Imagine a world full of bipedal, animal-like beings. Your best friend is a shy armadillo – your favourite antique shop is owned by that friendly owl. How cool can it be? Well, fellas, this is a story about such a thing; I promise you it will have a happy ending.
Dale of Merchants is a dream come true for me. I got to know the first volume of the animalfolks’ series when I met Sami Laakso in his Snowdale Design’s booth; it was Spiel Essen 2017. They also brought the second sequel which I haven’t tried, sadly. From that point, I am a devoted fan! Anyway, this can be considered as another disclaimer in addition to the one below, stating that my review might be a bit biased here. Nevertheless, let’s roll and join my gaming experience as a merchant in this fable-goes-live game.
Disclaimer: I am an avid euro gamer and a hardcore Legend of the Five Rings LCG player. I am not a fan of solo game/variant. This will give you an overview of what kind of bias I might have while writing.
A short introduction
The universe of animalfolks is vast. Sami Laakso’s Dale of Merchants stretches from its first one to his future third volume. All of these can be later stored in this one big Collection box. You will also find another game taking place in this universe that will fit for the story-driven aficionados and campaign lovers, Dawn of Peacemakers. We will talk about this game next time, I swear.
The rule overview
In Dale of Merchants series, all players take the role of the animalfolk merchants who not only manage and trade their goods but also sharpen their new techniques. In this Collection release, we have additional character cards that give more variants in the gameplay. Don’t worry, it’s a stand-alone expansion, though! Back to business: the main aim is to be the first merchant who builds his/her stall completely.
To set up the game, distribute one card with value 1 from each animalfolk starting decks; give each player Junk cards so they all have ten cards. Then, shuffle these cards to build each deck. Draw 5 cards for each starting hand. The cards with value 2-5 from all decks are then shuffled to build the market deck; draw 5 cards and put them face up on each market board’s slot. The remaining Junk cards are placed face-up.
There are two phases in this game: Action and Clean-up phase. In the Action phase, players may perform one of the four actions. Market action lets you purchase a card from the market board by paying the card cost using the combination of any cards from your hand. Technique action allows you to play a Technique card; this may help you to win the game or to hinder the rival merchants. Stall action is when you build your stack; there will be 8 stacks in your stall to win the game. Inventory action gives you the chance to discard cards from your hand.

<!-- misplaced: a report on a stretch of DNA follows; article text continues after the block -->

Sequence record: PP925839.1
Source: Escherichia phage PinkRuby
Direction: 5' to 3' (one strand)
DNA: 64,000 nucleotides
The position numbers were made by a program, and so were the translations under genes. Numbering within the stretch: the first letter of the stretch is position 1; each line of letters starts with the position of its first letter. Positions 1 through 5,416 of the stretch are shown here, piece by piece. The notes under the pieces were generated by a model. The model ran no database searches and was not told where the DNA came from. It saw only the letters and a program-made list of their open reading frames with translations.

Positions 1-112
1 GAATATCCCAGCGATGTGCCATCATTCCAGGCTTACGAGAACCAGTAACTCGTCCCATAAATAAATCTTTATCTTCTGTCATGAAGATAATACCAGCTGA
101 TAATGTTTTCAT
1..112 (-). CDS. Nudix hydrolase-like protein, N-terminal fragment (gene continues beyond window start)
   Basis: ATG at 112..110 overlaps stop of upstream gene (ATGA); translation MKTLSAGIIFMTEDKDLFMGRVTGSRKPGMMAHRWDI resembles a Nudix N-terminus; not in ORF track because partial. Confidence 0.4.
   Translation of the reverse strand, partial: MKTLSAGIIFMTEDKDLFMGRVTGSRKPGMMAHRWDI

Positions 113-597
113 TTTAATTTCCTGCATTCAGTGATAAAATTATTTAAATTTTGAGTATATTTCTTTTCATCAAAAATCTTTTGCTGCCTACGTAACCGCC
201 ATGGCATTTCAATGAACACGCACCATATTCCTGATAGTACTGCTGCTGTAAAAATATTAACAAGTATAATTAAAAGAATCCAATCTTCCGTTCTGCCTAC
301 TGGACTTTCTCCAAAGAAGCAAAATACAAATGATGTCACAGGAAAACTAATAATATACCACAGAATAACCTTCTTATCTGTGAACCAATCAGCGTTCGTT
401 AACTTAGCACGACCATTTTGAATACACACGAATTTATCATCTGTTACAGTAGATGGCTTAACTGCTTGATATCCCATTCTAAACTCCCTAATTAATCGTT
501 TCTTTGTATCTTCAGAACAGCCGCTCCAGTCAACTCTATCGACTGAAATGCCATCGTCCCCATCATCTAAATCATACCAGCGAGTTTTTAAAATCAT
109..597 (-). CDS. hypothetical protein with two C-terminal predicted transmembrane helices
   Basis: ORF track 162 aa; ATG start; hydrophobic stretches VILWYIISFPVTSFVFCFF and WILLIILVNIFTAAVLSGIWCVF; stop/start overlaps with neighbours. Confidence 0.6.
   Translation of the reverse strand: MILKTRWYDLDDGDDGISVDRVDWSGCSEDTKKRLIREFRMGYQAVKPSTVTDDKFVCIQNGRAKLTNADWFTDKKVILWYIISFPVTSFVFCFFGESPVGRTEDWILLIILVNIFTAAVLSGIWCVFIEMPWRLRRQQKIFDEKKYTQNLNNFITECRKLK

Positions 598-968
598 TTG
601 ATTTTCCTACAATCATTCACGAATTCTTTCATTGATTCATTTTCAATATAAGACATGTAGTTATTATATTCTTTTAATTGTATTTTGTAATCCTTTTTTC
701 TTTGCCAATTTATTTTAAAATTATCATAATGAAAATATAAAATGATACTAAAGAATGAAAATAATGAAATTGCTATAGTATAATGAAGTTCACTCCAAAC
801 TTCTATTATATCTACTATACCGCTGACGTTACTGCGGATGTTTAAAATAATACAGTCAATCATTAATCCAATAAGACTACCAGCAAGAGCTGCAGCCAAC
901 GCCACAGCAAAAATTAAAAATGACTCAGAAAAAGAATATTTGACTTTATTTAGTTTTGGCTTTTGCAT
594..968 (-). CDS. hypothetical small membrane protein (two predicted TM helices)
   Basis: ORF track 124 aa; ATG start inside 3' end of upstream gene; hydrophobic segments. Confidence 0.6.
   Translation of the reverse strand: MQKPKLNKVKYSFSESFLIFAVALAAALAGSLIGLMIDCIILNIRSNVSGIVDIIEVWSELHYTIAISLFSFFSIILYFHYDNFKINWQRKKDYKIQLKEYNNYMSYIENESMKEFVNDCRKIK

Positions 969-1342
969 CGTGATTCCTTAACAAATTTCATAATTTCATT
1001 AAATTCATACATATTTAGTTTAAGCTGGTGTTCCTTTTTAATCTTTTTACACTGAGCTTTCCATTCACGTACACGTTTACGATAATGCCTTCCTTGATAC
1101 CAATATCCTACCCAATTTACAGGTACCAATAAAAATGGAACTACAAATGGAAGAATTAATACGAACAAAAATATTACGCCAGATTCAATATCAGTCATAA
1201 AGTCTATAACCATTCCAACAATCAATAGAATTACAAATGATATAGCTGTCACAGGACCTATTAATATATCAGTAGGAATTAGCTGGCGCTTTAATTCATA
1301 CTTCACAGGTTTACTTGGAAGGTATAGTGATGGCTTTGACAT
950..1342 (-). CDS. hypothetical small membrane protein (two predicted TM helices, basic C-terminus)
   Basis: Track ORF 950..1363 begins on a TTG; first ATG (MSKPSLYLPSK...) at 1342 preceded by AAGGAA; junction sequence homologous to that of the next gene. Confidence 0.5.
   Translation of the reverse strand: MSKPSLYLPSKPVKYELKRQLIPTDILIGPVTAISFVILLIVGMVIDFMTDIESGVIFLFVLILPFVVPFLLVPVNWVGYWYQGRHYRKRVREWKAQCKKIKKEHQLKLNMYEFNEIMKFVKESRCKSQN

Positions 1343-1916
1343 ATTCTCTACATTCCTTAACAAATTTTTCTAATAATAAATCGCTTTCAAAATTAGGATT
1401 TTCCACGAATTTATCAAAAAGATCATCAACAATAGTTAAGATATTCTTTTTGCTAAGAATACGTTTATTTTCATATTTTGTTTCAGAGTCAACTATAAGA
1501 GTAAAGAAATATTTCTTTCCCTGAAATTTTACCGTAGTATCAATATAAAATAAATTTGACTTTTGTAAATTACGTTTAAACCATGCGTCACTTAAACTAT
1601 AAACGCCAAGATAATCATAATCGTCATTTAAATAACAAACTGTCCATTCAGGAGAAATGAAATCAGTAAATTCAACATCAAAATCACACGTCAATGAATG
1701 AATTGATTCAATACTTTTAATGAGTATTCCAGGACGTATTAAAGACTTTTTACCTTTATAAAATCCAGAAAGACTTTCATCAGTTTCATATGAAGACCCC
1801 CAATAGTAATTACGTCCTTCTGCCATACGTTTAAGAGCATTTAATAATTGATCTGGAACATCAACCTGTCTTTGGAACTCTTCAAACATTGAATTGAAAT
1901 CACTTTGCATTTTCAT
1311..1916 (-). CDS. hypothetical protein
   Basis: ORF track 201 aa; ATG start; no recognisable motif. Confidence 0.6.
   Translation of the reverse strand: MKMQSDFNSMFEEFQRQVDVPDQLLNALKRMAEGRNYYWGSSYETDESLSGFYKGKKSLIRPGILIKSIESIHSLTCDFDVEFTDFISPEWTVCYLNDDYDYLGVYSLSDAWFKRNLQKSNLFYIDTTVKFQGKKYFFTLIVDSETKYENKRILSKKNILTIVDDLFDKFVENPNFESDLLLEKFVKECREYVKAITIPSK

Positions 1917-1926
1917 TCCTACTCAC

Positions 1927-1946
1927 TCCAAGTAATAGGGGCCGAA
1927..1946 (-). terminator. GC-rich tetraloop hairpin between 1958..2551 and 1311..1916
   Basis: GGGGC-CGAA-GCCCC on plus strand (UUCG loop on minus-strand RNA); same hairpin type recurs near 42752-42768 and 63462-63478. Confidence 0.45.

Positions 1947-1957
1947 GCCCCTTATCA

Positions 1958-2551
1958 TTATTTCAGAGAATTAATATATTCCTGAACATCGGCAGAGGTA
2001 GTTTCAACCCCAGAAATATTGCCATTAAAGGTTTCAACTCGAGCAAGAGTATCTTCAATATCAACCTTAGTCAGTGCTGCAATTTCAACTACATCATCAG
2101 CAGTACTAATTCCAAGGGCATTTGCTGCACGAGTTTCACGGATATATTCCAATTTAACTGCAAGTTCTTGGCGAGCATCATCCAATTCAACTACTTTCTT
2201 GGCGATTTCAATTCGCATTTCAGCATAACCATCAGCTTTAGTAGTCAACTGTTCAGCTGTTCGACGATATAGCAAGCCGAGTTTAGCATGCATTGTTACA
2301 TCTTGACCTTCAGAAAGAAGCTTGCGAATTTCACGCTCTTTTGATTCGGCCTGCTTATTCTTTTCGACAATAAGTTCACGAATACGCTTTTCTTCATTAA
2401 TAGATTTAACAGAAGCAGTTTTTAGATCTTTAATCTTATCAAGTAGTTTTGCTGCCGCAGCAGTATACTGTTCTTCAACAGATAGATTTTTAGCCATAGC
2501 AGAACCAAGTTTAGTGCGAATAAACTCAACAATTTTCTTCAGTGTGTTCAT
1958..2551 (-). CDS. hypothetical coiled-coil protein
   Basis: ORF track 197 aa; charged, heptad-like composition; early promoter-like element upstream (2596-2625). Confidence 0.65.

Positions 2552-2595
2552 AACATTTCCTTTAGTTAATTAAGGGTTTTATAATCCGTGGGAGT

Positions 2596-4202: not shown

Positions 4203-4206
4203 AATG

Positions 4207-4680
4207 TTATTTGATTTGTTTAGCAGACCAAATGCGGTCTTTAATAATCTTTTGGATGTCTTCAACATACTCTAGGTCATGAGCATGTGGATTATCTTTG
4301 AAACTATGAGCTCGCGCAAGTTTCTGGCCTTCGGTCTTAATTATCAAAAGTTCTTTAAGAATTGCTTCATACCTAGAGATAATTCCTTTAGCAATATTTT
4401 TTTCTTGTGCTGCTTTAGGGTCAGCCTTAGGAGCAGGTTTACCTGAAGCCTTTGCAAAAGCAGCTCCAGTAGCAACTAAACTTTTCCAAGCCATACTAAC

Afterwards, proceed to the Clean-up phase. You fill your hand back to 5 cards; slide cards on the market board and fill the empty slot. The game ends when someone has built his/her eighth stacks.
Other variants and possible customization
There are Trap cards and Character cards variants in this game. The Trap cards let you outwit your opponent by planting some tricks into his/her decks. Meanwhile, the Character cards are distributed during the setup and provide players with unique effects in the game. All series are customizable and can be mixed together for further gameplay.
For more details, please refer to the video explanation from Snowdale Design below.
Experiences with Dale of Merchants Collection
Big box, organised insert that fits everything, packed with many cards and tokens, one may get overwhelmed easily by the sight of Dale of Merchants Collection at first. This first impression vanished completely after your first session; Dale of Merchants is one of the enjoyable fast-paced games I have tried before; it can, however, become a back-and-forth, full strategy game, too. Curious, right?
Well, it’s easy to understand and still has a wide audience range, too – thanks to its depth and customizable feature as a deckbuilding game. Anyway, the game is comprised of several mechanics besides the mentioned above; you can find the set collection and card drafting here – also you can add the take that aspect with the deck you pick and form when initialising the game.